For example, users can consult a progress curve on the graphical user interface of the Project Cockpit to see whether specific phases of construction are on schedule. This tracking information supports decision-making. “The figures and early warning indicators can’t make business decisions for you, but they can back them up with detailed and current numbers,” said Mühmel. “The knowledge, skills, and teamwork of employees are still the most important factors and can never be replaced by a tool. But having the right information at the right time helps us communicate better and take effective measures sooner.”

Project Cockpit provides a view of both individual projects and the entire portfolio. Portfolio comparisons provide a good way of learning from past experiences and gaining opportunities for improving future projects. This can then be used not only for the construction of CCGT power plants, but also for other plant construction solutions.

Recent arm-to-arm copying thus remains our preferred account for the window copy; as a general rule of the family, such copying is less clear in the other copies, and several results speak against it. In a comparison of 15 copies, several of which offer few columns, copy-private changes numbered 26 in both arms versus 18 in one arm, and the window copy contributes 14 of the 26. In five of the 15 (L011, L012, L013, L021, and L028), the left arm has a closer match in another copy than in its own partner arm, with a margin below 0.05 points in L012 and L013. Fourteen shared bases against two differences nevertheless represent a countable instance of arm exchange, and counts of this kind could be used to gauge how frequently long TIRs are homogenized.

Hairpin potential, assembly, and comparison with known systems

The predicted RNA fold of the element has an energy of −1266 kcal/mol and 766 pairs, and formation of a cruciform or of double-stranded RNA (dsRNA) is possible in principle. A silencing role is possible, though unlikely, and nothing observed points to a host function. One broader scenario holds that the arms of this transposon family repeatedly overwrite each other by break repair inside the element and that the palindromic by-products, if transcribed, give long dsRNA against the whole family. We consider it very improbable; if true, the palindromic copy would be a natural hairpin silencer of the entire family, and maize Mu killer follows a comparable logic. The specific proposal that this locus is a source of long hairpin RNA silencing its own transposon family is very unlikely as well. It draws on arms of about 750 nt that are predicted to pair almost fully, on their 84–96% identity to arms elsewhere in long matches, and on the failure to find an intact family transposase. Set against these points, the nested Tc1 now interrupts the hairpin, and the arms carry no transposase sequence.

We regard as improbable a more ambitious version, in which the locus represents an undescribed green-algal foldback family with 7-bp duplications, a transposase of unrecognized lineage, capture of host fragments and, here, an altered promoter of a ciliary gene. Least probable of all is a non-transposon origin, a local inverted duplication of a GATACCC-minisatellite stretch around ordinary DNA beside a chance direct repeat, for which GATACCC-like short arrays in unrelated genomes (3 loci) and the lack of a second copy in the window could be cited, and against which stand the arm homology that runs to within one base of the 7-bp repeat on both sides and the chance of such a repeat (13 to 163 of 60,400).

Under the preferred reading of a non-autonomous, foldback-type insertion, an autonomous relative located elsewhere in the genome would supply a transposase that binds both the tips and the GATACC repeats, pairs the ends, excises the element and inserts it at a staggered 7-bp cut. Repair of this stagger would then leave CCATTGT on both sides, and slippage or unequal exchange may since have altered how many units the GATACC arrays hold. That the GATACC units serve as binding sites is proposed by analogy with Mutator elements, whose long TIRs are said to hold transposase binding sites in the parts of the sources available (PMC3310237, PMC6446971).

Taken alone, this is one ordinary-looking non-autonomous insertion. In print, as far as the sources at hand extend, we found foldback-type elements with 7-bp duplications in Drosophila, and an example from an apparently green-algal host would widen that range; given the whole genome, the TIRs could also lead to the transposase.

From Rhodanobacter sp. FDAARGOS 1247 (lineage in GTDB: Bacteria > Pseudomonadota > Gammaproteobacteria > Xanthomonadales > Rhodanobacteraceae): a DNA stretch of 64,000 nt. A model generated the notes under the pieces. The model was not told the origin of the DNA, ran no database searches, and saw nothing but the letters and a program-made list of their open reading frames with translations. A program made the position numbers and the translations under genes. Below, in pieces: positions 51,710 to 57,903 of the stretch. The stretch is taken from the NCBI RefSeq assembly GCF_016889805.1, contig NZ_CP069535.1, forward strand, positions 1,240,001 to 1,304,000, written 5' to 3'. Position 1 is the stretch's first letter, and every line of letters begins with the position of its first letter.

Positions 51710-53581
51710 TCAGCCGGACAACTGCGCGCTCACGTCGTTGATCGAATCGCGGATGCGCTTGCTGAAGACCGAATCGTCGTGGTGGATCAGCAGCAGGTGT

The Outlook

Siemens Energy anticipates that the BI application for monitoring and controlling the daily operations of CCGT projects will pay off within two years. “A BI project like this should be initiated and managed by respective departments,” concluded Mühmel. “Our business and IT staff also worked together closely to build up the right infrastructure and ensure smooth operation. With this BI solution, we’re now able to monitor the management of CCGT power plant projects faster, with less work, and at a lower cost, which gives us a competitive advantage.”